Some pertinent background:

-My undergraduate degree is actually in linguistics from Georgetown (it’s how I got interested in complexity science in the first place)

-I’ve been working with a research team in climate science, although it hasn’t been very mathematics heavy.

-My first project has begun to conclude, and so I’ve recently begun working with an physical oceanography research team doing very mathy stuff

-One of the theoretical climate scientists in the department (who started his career with a very theoretical fluid mechanics/dynamical systems approach) told me that the use of dynamical methods in atmospheric science has been largely mined out: there aren’t many tractable questions remaining and it will be difficult to find work doing that even if I do get funding for a PhD.

-My quantum mechanics professor recommended looking into either plasma physics or ion transport in batteries. She says these methods are being used there (and I trust her on this; she has her own lab doing work closely related to the later and is generally quite brilliant all the time).

I really need two things

a) Specific advice about how to navigate this choice and to finesse the applications: Are these fields all equally likely to allow me to play with these techniques? Should I be applying to math programs or science programs given my interests? Are there scientific fields I should consider beyond those recommended to me above (p. oceanography, atmospheric science, plasma).

b) General advice about organizing this choice, selling myself as a legit candidate in a diversity of fields (my background is at this point equivalent to a bachelors in Mathematical Physics kinda; more analysis than most physicist undergrads but less calculations.


I’m a fresh junior student doing some amo research. But my professor kept having me focus on the optics stuff. Although I learned plenty of skills, I’m also worried that this can negatively reduce my chance in applying to any real quantum optics/atomic physics labs? Since I had no real experience dealing with atoms, it might be harder to get accepted by those AMO groups? But I’m aimed to work in quantum physics.

So in short, I was just wondering how hard it would be to get into an applied math masters program at a school like University of Washington? I don’t think UW is in the same tier as schools like MIT, but they sure have a great Math program, and I was wondering if it would be a hard one to get into?

Im actually a physics major, with a math minor, with three years of research experience under my belt and a 3.5 GPA

Would a Masters program at a school like UW be a realistic option?

I’m in physics where the order of authors is meaningful. The first author is the lead author and the last author is the principal investigator. I am an undergraduate who has collaborated on a topic with two post docs and a professor. We are nearly ready to submit the paper to a top journal (Nature physics).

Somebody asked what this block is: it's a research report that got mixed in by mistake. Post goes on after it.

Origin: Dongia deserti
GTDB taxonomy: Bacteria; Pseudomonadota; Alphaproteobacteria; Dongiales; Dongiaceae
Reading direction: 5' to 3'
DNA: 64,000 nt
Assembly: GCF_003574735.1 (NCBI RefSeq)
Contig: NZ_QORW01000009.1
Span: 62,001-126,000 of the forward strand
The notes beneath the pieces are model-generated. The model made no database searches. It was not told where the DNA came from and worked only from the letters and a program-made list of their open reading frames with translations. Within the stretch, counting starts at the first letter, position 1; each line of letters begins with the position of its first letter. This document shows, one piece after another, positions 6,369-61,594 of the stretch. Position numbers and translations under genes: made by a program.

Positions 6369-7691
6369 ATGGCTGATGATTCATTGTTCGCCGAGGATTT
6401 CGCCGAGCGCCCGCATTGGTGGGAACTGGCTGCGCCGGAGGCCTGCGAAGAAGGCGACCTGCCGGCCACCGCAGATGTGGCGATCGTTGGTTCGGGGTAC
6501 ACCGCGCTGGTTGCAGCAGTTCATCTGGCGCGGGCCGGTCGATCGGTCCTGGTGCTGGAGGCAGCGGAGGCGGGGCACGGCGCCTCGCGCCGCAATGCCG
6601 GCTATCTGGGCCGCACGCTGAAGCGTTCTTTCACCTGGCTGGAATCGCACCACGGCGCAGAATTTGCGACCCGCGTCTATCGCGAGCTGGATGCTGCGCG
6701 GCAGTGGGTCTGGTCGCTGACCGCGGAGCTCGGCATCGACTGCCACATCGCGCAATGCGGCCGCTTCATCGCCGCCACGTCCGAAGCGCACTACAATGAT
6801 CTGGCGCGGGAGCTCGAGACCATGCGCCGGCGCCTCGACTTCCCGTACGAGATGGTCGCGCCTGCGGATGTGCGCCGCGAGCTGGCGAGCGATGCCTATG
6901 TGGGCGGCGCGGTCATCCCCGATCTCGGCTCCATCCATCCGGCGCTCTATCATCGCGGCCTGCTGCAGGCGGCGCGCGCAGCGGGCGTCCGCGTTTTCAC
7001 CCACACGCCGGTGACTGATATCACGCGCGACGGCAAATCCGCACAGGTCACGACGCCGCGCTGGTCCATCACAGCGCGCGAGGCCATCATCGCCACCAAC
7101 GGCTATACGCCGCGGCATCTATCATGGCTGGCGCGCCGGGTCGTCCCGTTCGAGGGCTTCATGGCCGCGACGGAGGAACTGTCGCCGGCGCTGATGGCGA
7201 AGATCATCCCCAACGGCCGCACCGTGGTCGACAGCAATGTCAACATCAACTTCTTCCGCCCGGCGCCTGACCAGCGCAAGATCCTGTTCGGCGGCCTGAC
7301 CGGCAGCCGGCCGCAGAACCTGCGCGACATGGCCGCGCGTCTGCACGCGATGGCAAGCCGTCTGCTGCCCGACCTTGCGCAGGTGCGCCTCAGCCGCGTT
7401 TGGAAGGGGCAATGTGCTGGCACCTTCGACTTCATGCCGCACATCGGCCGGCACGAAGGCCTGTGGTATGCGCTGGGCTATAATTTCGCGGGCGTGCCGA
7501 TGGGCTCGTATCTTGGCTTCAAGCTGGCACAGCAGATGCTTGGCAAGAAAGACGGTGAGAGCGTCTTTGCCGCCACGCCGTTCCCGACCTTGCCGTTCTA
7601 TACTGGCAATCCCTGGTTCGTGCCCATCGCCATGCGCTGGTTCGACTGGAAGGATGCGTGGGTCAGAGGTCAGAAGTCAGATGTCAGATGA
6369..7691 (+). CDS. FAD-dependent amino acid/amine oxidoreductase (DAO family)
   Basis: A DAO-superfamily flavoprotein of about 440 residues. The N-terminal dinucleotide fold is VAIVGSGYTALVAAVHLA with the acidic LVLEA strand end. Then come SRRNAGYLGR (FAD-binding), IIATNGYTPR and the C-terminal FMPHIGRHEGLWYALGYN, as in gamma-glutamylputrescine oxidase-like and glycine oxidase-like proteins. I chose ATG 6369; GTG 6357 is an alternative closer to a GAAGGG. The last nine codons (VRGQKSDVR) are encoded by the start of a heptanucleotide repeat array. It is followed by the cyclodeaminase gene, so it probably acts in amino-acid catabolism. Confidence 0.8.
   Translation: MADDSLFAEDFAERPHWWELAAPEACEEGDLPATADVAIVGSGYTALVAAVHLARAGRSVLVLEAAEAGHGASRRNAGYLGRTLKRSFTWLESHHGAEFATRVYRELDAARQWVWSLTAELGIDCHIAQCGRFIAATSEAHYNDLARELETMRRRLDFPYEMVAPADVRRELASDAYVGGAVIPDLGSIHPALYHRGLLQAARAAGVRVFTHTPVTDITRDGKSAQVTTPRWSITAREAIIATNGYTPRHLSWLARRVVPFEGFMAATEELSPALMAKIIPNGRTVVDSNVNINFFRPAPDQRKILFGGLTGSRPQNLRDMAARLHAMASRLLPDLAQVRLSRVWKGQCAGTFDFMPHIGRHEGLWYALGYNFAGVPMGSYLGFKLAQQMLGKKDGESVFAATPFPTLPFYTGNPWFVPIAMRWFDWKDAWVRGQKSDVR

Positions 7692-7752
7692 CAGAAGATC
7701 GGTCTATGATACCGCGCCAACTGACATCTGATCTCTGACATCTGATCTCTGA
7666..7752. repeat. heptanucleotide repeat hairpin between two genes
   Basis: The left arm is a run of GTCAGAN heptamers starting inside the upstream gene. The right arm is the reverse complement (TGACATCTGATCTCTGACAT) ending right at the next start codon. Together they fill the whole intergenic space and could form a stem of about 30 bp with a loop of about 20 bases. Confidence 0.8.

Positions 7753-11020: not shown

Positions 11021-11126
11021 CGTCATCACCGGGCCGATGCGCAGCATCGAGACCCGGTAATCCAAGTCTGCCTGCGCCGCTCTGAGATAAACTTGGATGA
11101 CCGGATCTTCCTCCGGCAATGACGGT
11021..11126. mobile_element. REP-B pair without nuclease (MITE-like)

I proposed the topic after I discovered a huge idea in the field. I proved a variety of theorems and generated the supporting data independently. I used post doc 1s previous work in the paper – but it has already been published. Post doc 2 made a very small contribution, the other has contributed significantly more. I wrote the “main results”, “applications” and “technical discussion” section. Post doc 1 wrote the intro, conclusion, abstract and a minor background section. The appendix is very long and I wrote 90% of it. The proof techniques and methods are my own creation with no input from any one else. Post doc 1 has helped greatly in improving my presentation since he has far more experience than me in writing papers (I have never written one). Post doc 1 made a lot of edits and helped restructure some arguments for clarity of presentation.

The paper has just been posted online to Arxiv. I am second to last author. Post doc 1 made himself first author. I have read a number of articles on the topic and since I contributed the most I believe I should be first author. What is the best way for me to approach the situation? I really feel like I am being ripped off. 3rd author could be given to any undergrad and I imagine the difference for grad school/future career could be substantial.

I want to start research in the field of Computational Cosmology. It includes the galaxy formation and reionization era. I know it involves extensive computing techniques including parallel and high performance computation but do I need to study General Relativity (detailed course) or I can work without it (or having its basic concepts)?
For the physics part, I have to study Astrophysical Hydrodynamics and galactic compact objects and their X ray sources etc.
Do I need complex differential geometry of General Relativity for this?
P.S: I have a physics background and right now in course-work phase at graduate level in Computational Science degree.